ccapp.exe in red

Discussion in 'Port Explorer' started by beethoven, Sep 16, 2005.

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  1. beethoven

    beethoven Registered Member

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    Just trialling PE and trying to see what is going on with my PC.
    One of the processes listed comes up in red. CCapp.exe on port 1033 with local address 127.0.0.1 and remote address 0.0.0.0.
    I realise that ccapp is part of symantec and that 127.0.0.1 is a loopback to my own pc but is this normal? Port 1033 shows up as being used by netspy?
    Any suggestions for a newbie how to check this further without expecting too much IT knowledge?
     
  2. Pilli

    Pilli Registered Member

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    High bethoven, Items shown in red are usually hidden connections or connections that have a GUI but the GUI is not open on your desktop at the time. These are usually harmless but could be Trojanic so PE highlights them.

    As you rightly state 127.0.0.1 is your local machine so no problem there.
    If you see a 1032 port reference does it also refer to localhost? If so then this could be your hosts file at work stopping any direct connection for netspy.

    A screenshot of what you are seeing maybe helpful.

    Thanks. Pilli
     
  3. beethoven

    beethoven Registered Member

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    I had read about that on one of the other threads and tested running NAV but that did not change anything. The CCapp.exe file shows up the same way irrespective of whether I only have the icon in the taskbar or actually do a scan with the Gui open.

    Here you are :)
     

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  4. Pilli

    Pilli Registered Member

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    I think that those events shown are quite normal.
    Here is some information from the help file which may help you understand what you are seeing:

    Windows NT4/2K/XP/2003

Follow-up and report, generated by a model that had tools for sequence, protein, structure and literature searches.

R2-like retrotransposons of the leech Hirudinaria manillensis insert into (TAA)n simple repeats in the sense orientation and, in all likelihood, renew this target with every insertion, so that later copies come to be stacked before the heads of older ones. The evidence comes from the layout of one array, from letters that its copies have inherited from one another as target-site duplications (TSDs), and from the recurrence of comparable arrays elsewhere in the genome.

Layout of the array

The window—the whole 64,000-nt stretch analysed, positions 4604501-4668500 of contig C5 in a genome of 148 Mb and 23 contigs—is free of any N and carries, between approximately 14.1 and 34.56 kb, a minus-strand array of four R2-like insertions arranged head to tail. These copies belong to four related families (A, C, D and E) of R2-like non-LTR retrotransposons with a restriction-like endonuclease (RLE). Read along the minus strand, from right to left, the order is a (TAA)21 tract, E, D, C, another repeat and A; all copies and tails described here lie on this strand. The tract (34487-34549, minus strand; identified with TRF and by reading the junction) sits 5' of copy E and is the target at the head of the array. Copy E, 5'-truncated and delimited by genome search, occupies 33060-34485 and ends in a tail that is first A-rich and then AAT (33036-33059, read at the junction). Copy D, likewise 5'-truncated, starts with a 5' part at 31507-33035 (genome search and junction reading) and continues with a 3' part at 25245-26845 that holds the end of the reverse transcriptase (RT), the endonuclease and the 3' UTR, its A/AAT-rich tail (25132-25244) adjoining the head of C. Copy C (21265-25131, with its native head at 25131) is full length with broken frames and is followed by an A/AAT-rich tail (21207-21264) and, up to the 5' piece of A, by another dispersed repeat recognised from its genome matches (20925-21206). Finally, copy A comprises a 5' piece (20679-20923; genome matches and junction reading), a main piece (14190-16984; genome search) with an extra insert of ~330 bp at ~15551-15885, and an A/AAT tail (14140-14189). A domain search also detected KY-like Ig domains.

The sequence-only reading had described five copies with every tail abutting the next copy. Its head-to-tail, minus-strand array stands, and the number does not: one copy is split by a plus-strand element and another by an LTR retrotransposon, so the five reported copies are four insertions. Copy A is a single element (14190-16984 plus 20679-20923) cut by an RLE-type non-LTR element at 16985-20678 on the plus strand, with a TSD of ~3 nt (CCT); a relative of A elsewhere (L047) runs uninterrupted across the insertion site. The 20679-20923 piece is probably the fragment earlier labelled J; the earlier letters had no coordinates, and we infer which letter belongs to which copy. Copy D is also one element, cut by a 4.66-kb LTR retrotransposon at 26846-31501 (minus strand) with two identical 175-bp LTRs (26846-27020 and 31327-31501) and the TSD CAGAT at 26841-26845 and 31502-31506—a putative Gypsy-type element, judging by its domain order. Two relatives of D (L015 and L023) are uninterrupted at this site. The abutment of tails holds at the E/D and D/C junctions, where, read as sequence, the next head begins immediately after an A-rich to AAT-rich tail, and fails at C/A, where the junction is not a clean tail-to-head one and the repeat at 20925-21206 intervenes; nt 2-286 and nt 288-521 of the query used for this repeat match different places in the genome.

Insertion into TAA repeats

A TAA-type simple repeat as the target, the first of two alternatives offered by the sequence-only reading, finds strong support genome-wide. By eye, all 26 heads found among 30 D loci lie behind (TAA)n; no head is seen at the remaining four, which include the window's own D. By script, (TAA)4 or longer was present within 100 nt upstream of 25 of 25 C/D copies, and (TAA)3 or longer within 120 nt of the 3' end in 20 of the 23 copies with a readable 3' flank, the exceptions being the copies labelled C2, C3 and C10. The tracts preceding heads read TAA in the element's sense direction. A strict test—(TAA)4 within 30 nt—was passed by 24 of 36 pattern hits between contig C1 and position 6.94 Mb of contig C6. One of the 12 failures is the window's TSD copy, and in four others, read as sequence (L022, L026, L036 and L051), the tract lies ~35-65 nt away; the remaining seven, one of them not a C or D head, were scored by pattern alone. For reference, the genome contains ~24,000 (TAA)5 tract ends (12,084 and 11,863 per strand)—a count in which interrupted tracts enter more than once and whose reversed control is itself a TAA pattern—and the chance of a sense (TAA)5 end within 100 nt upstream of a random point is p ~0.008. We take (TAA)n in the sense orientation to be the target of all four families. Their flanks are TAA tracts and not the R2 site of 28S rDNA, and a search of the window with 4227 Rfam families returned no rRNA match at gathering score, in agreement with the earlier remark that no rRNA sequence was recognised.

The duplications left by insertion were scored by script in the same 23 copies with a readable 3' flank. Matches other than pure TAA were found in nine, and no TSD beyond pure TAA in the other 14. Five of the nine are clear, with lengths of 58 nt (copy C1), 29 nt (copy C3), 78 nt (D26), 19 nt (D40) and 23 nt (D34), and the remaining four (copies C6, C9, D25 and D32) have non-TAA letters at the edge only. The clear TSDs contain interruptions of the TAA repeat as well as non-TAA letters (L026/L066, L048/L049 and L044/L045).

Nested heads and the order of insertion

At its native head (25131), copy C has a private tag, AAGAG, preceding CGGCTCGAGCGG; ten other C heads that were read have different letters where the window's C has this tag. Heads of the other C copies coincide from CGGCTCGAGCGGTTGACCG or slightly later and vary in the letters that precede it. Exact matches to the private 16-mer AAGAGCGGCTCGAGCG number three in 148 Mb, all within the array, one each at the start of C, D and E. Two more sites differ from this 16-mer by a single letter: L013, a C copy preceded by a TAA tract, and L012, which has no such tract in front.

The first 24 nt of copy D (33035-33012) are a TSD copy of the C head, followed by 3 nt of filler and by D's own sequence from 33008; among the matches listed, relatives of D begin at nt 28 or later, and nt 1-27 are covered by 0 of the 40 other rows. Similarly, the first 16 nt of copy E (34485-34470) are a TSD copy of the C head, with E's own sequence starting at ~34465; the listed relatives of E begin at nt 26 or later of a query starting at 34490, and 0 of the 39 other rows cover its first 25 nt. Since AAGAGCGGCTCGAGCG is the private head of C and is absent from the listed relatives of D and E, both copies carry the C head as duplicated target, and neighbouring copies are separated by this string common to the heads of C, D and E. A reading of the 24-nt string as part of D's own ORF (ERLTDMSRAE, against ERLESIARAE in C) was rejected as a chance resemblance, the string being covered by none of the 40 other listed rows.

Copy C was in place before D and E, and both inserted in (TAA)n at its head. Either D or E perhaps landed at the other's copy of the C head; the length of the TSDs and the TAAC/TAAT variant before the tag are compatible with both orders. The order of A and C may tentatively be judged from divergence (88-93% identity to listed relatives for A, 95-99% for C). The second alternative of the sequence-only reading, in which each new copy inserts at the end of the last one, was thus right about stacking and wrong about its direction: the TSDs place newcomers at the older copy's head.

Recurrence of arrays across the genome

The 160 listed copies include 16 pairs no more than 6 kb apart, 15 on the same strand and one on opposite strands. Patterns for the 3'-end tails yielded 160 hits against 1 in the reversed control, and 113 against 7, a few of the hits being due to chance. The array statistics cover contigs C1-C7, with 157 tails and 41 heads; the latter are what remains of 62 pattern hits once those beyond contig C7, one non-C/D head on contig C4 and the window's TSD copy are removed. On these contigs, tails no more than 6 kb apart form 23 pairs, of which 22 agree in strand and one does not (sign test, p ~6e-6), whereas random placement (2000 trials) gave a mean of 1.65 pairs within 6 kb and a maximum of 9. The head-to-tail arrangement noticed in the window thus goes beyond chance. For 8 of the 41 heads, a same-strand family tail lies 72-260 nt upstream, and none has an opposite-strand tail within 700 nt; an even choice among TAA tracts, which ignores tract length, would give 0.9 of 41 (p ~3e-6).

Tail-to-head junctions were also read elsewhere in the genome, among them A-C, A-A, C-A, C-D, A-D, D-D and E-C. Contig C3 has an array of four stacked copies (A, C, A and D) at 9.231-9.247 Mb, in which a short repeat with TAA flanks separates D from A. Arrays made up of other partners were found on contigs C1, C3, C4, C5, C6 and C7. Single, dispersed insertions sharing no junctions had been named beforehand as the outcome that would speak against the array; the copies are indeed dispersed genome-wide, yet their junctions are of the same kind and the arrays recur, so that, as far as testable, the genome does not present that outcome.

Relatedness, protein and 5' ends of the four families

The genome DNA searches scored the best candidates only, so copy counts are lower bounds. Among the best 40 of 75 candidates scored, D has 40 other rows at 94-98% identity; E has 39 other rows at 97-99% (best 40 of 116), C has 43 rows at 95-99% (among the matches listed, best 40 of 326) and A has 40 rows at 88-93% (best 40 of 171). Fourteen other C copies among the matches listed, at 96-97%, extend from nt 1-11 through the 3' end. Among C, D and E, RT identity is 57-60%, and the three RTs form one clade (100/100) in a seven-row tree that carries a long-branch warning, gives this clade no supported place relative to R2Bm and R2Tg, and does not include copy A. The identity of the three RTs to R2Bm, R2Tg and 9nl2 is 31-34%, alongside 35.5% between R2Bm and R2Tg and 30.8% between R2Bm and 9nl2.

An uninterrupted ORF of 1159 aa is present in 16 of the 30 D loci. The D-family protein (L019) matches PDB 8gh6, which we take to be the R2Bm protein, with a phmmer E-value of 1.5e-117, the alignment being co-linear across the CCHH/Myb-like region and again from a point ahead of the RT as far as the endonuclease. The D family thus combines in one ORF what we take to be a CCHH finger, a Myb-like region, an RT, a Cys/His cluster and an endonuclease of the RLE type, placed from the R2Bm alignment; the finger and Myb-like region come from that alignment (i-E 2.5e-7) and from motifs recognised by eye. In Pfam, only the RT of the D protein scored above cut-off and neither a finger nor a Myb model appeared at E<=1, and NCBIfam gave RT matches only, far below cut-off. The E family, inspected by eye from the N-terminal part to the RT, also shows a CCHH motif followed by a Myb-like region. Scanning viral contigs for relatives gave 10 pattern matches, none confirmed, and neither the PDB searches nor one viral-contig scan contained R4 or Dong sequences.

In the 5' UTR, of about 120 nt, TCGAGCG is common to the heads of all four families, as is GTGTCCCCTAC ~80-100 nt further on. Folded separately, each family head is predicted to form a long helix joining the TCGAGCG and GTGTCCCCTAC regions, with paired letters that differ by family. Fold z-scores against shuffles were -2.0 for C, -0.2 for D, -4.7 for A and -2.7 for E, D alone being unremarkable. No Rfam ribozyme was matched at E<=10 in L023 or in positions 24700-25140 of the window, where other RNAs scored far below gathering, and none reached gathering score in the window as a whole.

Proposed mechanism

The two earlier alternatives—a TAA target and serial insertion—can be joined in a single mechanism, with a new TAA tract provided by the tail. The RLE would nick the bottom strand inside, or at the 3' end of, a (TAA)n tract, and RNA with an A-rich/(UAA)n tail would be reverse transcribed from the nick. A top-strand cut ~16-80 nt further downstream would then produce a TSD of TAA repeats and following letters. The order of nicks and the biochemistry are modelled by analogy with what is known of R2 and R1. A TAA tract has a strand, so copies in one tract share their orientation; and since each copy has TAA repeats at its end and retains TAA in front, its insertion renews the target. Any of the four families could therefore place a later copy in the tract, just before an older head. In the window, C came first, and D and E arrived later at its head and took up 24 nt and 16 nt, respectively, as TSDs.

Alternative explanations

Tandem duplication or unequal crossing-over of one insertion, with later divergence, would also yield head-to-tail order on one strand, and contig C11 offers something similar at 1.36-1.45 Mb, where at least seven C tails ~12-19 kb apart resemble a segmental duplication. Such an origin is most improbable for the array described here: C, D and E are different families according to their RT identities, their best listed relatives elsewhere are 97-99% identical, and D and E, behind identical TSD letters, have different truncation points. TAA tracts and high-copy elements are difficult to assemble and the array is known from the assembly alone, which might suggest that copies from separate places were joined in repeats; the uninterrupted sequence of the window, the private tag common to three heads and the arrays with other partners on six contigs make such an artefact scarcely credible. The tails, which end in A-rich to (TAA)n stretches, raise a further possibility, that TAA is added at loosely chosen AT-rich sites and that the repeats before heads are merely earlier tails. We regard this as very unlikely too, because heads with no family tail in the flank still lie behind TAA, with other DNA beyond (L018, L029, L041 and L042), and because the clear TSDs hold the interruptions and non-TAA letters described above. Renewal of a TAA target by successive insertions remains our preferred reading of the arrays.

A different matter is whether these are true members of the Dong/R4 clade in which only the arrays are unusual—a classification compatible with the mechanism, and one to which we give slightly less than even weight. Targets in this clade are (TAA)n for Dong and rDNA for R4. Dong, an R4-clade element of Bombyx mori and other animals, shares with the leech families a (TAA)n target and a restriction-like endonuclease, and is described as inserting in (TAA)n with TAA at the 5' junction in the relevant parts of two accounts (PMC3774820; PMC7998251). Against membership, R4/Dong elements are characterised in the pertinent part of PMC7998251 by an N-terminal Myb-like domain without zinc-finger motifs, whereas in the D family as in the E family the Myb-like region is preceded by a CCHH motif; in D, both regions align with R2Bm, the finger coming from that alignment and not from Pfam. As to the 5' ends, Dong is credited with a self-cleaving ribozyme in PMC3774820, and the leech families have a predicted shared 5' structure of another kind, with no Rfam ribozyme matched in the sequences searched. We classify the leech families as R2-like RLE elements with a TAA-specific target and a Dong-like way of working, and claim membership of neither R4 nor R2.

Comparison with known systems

Under Windows 95/98 Port Explorer isn't able to map all sockets to their parent process (usually only the ones that are loaded very early by the system). Such processes will normally display with the process name of "--NETSTAT--", indicating that Port Explorer wasn't able to map the process, but it could still see the socket using standard netstat techniques. However, under Windows NT4, 2K, XP and 2003, Port Explorer is able to map ports to all processes by using undocumented functions that are built into the operating system. Sockets that would normally display as '--NETSTAT--' but have been resolved by Port Explorer using this technique will have an asterisk beside their name, for example:
    * c:\path\process.exe
    rather than...
    c:\path\process.exe


    Windows XP/2003

    In some rare circumstance, Windows XP doesn't clean up all its sockets correctly after an application has closed. This has the effect of Port Explorer showing a socket with an asterix and no filename because the application is closed yet Windows XP is reporting that the closed application owns the socket(s). Usually after your internet connection has been disconnected the 'blank' socket(s) will be cleaned up by Windows XP. This isn't a Port Explorer problem, it's a Windows XP issue. To check this, whenever you see a blank socket go to your command prompt and type "netstat -ano" (without quotes). You should see the sockets which have the same PID as the blank sockets in Port Explorer. If you look in Windows Task Manager (Ctrl+Alt+Delete | Task Manager) you will see no process that has the PID that netstat and Port Explorer report.
     
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